You know that scene in Airplane where everybody lines up to slap the hysterical woman and tells her to get a hold of herself? Yeah, that’s pretty much what happened to my question. The professors were ready for a conversation about the weakness of an affirmative consent regime. I think Gruber noted that it would be tantamount to criminalizing how most people have sex. Godsoe danced a tarantella on the stupid “consent apps” available and how they prove nothing either way. Capers pointed out how I was still locked in a hetro, male-normative world where the man must be responsible for accessing the affirmative consent. Everybody pointed out that affirmative consent doesn’t really mean much when the law still must protect people who revoke consent after whatever “proof” of consent can be established.

While I was fully prepared to die on the affirmative consent hill in the face of all of those arguments — good arguments which I don’t find ultimately fatal to an affirmative consent regime — Professor Yung really surprised me with a study that suggested juries really don’t care about affirmative consent. He said that even when presented with evidence that affirmative consent was not given, and even when given model jury instructions that affirmative consent is needed in a academic study setting, modeled juries still consider the strength of the “no” over and above other factors.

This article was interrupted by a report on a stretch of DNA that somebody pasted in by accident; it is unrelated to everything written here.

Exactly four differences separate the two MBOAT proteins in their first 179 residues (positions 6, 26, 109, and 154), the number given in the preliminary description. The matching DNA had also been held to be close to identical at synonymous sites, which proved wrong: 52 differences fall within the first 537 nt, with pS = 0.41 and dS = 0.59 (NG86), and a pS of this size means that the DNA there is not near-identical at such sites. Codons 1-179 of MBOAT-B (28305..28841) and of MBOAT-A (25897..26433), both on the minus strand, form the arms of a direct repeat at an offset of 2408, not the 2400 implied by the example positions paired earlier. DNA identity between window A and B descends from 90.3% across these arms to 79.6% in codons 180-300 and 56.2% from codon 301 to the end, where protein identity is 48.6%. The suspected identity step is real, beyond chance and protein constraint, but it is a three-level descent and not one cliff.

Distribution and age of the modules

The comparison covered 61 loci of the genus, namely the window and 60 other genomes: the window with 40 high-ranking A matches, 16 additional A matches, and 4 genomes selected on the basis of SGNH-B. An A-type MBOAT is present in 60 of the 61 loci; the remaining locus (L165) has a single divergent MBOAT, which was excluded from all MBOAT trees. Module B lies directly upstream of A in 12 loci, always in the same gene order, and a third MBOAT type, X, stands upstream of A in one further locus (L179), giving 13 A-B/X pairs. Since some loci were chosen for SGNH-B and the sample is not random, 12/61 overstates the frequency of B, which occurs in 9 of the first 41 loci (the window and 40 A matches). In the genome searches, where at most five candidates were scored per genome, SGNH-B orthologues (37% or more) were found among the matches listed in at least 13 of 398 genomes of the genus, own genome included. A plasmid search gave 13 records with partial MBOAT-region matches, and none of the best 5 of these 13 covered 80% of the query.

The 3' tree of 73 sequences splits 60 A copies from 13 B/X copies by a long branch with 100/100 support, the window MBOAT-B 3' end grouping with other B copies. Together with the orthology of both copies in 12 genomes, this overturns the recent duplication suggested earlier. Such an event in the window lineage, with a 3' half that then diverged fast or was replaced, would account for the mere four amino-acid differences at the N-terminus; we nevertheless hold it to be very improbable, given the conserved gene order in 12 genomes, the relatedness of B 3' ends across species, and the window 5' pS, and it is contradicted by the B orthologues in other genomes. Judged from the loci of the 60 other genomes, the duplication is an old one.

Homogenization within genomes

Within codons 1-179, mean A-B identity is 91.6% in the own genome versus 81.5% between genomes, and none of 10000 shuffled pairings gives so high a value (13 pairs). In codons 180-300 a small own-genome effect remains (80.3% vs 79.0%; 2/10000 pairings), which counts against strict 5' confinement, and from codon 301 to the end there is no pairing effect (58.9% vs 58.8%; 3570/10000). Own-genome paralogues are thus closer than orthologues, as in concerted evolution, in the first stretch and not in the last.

And Yung was my boy! He was generally the panelist closet to my views about more aggressive criminalization of sexual misconduct. But Yung explained that his own scholarship had evolved on the issue: he was now more focused on getting the police to investigate the rape and assault claims they already receive. He’s more focused on getting prosecutors to bring the cases they already have, rather than creating new categories of criminal liability.

That seemed to be the place where the panel, and I, could agree. Let’s address the rape and assault cases where we all generally agree “rape” or “assault” has occurred, before we start criminalizing additional behaviors. That feels a little unsatisfying to me as a “response” to #MeToo. But also feels like the only reasonable place to start addressing the violence against women that necessitated the #MeToo movement in the first place.

Faculty name: 
Corey Rayburn Yung